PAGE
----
7 Replies to “Lessons From Egypt”

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  4. Terry Herne

    We need to wake up!
    Love in, Jesus, Terry

  5. Trisha

    I have never been interested or even closely a follower of the political arena. It truly bored me in high school and now, almost 20 years later, I can say that it does bore me still. HOWEVER, I envy your passion. I envy your knowledge and resolve to do something, ANYTHING, to set right what has been set wrong in this country.
    I do not vote on principal, for my own personal convictions steer me away from it, but due to my opposition of Obama and all that he stands for, I did vote against him. It was something, as a concerned citizen, I felt I HAD to do. I am faced with taht same inner pressure when I read your posts and your blog. I HAVE to do something… to sit still means to accept by default. In my own mind and in my heart I know that is the wrong thing to do. I may not be ranting and raving. I may not be very forth coming. I may not be very knowledgeable, in fact in this case I know I am not, BUT I can do something. I pass on your blog, I pass on your comments, to others. I am spreading the word. It is a little thing I can do to help bring awareness to what a crime (conscientiously speaking) the citizens of this great nation are committing. It is a crime to let those who we have appointed and given liberty to to continue to abuse those same liberties but removing freedoms that our forefathers fought so hard to put into place. To those who much is given much is required. We are not just letting ourselves down. We are letting God down. That bothers me the most.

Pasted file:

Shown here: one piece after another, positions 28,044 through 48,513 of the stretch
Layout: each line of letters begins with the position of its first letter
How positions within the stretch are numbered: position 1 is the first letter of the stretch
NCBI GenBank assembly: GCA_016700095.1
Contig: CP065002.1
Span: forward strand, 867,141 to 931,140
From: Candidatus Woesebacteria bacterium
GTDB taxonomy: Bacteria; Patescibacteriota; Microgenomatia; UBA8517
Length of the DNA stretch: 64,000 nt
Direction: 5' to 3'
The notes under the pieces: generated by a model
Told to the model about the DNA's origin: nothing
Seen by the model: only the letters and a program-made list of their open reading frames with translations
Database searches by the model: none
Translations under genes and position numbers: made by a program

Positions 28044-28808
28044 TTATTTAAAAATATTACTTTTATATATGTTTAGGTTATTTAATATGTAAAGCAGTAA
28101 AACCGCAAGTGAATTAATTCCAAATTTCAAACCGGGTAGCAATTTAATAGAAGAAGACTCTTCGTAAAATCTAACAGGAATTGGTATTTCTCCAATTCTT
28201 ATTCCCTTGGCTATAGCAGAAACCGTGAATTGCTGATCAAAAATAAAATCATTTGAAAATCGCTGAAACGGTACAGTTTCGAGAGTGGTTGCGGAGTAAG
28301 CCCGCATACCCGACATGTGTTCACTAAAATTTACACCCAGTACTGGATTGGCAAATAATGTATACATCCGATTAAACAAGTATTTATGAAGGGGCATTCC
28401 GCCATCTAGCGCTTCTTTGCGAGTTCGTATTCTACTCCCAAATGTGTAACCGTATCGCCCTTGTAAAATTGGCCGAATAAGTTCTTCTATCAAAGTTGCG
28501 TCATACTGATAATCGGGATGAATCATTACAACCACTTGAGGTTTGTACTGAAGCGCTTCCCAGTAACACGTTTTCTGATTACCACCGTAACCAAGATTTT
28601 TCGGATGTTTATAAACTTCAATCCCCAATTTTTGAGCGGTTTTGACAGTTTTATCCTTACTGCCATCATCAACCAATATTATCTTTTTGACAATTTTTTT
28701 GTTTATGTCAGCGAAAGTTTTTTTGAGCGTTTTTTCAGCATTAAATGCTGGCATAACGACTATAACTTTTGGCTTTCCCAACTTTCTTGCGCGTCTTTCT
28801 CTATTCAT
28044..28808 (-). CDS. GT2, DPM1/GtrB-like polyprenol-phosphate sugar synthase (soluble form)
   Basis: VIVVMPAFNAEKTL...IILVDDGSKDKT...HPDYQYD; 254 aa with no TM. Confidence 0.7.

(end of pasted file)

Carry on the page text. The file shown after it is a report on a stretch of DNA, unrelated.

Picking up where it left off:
So, although my passion is not the same, and my heart is not into politics, I forward your blog and your posts to try to help in the little way I can. Keep persevering, keep blogging, keep spreading the word. For a shout in the wilderness is heard by some. The more that hear the more that will will be known. Thank you for standing your ground and for keeping me, the uninformed, informed… I appreciate it greatly.